One of music’s greatest historians, Charles Burney’s literary works and letters and give us an invaluable insight to the composers and performers of the era in which he lived. Here is our quick guide to this masterful mind…
When and where did Charles Burney live?
Burney was born on 7 April 1726 in Shrewsbury, and spent the majority of his early life either there or in Chester, where he received his musical education from the organist at the cathedral. He moved to London in the 1740s, though ill health meant that he had to move away from the capital for a number years, during which time he lived in Norfolk. He also travelled widely in Europe and rubbed shoulders with the great and good. He died in London on 12 April 1814.
‘Great and good’, as in…?
On moving to London, he was employed (not always happily) by composer Thomas Arne. He went on to play in Handel’s orchestra and, later on, worked closely with the actor David Garrick, writing and directing the music for his theatre productions. Haydn made a point of going to see him on his visits to England in the 1790s. The famous portrait of Burney that today hangs in the National Portrait Gallery is by Joshua Reynolds, another friend.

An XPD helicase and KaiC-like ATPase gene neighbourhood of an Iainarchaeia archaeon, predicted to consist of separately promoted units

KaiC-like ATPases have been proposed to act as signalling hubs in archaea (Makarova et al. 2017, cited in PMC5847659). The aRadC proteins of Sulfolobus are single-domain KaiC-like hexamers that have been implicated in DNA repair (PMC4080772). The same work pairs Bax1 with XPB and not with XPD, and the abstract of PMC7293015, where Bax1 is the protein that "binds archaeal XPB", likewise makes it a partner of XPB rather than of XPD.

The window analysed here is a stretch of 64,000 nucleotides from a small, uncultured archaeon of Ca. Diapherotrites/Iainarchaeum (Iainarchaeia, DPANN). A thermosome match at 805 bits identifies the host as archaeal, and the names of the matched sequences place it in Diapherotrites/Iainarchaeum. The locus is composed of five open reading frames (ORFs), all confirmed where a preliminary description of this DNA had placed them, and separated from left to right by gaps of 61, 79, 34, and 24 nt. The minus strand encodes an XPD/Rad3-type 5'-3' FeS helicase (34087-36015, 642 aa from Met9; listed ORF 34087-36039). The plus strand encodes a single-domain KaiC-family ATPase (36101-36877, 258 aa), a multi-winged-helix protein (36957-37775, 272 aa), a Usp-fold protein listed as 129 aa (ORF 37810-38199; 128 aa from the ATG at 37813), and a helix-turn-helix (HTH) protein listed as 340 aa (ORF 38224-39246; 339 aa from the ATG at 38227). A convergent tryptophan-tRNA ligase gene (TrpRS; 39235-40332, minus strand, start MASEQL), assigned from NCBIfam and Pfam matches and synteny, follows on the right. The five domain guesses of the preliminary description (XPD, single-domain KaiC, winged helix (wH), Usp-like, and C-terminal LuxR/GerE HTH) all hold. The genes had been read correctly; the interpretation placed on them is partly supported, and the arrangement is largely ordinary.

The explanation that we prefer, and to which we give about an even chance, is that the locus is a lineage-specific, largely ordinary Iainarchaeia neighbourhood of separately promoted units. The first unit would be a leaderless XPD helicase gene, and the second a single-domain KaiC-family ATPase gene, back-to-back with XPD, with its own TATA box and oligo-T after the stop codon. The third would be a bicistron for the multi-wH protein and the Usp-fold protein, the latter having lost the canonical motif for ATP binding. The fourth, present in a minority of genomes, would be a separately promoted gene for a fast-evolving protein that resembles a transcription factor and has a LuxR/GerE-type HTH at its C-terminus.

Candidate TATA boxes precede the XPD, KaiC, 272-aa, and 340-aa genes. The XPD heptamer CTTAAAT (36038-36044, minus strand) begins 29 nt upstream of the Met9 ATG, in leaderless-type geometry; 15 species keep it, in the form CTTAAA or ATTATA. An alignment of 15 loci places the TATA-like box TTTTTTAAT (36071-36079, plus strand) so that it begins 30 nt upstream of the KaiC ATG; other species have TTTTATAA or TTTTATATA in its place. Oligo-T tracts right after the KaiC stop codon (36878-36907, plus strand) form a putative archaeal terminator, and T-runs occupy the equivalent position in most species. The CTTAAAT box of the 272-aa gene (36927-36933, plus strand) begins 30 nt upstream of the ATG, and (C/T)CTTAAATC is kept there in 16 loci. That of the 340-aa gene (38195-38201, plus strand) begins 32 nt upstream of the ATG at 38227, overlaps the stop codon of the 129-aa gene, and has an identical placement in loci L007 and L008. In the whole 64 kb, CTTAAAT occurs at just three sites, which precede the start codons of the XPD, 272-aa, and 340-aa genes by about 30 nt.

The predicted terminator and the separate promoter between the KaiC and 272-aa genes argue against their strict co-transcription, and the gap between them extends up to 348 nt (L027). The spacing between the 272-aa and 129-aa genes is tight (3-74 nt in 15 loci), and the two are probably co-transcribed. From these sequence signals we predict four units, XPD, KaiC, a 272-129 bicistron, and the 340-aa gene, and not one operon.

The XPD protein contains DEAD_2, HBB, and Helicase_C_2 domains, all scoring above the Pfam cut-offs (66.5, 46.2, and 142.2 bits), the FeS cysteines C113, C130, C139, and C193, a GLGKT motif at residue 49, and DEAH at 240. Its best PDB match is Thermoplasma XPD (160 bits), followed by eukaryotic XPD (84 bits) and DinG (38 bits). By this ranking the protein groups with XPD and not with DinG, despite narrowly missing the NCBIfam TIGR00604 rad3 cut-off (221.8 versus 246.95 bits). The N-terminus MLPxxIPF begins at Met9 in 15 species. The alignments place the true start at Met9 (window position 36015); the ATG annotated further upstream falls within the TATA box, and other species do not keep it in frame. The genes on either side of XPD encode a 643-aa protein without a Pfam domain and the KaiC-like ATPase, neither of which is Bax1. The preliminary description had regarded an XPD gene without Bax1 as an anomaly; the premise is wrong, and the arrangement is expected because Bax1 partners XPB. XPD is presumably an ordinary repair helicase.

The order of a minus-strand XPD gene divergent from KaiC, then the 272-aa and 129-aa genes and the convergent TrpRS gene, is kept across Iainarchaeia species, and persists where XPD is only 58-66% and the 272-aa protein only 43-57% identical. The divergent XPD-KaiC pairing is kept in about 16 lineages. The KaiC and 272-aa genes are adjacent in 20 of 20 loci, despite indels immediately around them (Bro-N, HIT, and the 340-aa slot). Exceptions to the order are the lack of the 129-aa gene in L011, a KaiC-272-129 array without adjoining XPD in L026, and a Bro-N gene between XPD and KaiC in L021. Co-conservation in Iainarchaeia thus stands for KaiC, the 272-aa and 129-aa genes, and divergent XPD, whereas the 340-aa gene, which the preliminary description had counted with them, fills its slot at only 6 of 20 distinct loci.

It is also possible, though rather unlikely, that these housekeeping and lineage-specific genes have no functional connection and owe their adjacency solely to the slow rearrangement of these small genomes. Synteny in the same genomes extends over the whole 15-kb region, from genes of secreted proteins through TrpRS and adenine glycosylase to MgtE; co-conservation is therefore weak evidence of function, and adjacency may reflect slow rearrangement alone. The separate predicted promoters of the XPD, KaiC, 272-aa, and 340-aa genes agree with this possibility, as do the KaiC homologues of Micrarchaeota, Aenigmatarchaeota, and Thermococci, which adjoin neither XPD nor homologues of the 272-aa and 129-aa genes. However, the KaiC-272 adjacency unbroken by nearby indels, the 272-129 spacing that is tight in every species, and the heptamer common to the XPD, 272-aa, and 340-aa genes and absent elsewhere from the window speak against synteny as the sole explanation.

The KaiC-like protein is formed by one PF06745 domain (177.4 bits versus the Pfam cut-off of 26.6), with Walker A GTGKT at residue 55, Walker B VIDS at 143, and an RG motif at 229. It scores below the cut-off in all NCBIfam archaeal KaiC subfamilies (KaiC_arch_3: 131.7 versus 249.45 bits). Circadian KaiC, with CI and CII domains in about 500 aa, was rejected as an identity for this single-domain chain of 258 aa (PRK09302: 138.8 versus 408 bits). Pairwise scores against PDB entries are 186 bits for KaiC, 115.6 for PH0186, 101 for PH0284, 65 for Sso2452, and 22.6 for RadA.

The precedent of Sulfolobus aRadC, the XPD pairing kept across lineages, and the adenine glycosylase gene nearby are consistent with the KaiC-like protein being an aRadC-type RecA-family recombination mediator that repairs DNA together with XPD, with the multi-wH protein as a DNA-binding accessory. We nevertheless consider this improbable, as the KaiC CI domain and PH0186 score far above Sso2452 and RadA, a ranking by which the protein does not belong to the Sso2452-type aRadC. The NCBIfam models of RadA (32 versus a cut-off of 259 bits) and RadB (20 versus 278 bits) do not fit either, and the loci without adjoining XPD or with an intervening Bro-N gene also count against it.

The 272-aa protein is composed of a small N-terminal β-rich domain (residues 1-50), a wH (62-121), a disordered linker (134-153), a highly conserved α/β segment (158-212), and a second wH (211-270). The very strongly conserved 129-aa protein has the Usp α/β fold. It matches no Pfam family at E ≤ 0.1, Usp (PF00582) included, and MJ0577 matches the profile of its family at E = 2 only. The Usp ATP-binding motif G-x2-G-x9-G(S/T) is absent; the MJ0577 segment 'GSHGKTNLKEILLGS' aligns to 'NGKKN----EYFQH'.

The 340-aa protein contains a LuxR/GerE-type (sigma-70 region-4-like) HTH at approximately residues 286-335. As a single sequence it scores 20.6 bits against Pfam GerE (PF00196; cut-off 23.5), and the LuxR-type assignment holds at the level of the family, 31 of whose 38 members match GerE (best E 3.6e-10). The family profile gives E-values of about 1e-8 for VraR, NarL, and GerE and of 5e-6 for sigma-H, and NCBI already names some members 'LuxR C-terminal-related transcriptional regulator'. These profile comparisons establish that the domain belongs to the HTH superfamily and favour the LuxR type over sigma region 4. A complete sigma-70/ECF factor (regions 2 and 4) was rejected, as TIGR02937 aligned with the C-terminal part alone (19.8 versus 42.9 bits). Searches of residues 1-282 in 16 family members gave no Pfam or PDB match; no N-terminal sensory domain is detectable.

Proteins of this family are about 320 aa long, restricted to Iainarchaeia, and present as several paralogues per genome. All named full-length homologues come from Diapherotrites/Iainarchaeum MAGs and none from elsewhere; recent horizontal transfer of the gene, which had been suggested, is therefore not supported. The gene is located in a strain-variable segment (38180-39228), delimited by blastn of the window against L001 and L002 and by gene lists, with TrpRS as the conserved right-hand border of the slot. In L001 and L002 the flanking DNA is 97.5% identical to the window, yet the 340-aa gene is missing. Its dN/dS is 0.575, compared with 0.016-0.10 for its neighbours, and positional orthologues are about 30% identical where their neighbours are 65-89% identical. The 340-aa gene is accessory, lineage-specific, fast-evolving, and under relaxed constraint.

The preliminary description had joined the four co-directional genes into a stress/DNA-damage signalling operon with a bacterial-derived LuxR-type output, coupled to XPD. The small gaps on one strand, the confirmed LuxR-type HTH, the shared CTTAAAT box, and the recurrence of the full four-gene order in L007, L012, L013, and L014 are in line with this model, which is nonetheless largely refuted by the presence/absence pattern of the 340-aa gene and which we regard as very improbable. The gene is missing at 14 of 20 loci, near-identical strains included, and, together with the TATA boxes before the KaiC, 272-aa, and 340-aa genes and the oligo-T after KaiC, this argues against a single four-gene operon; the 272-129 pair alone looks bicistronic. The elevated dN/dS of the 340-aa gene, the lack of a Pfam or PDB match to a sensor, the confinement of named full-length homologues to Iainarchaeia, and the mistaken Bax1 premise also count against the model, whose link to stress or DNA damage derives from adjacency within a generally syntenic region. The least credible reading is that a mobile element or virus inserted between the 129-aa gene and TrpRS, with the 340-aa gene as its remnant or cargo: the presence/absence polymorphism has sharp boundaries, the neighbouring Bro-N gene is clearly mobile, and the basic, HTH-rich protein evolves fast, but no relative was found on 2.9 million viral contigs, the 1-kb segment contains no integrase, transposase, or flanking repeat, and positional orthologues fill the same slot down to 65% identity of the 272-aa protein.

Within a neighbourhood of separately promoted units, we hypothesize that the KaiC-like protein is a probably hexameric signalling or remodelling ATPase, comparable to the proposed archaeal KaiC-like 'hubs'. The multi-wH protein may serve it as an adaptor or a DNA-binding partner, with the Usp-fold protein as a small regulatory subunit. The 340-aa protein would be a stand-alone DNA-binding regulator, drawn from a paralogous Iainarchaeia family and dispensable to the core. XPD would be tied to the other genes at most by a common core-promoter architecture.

Written between 1776 and 1789, his four-volume A General History of Music was unprecedented in the depth of its research, and explored the artform from its earliest days to Burney’s own era. As a result of his travels, he also wrote The Present State of Music in France and Italy (1771) and The Present State of Music in Germany, the Netherlands and United Provinces (1773).
And he also composed…?
Yes, largely songs and chamber music. As for its quality, the New Grove Dictionary of Music and Musicians damns it with faint praise, describing Burney’s efforts as ‘competent’. Much of it has been recorded, however. To judge for yourself, try one of his six sonatas for solo keyboard, below…
Though his scholarship didn’t go entirely without criticism, he was widely respected. Samuel Johnson wrote that ‘I much question if there is in the world such another man for mind, intelligence and manners.’
Burney was also a keen astronomer, and in 1769 published An essay towards a history of the principal comets that have appeared since 1742.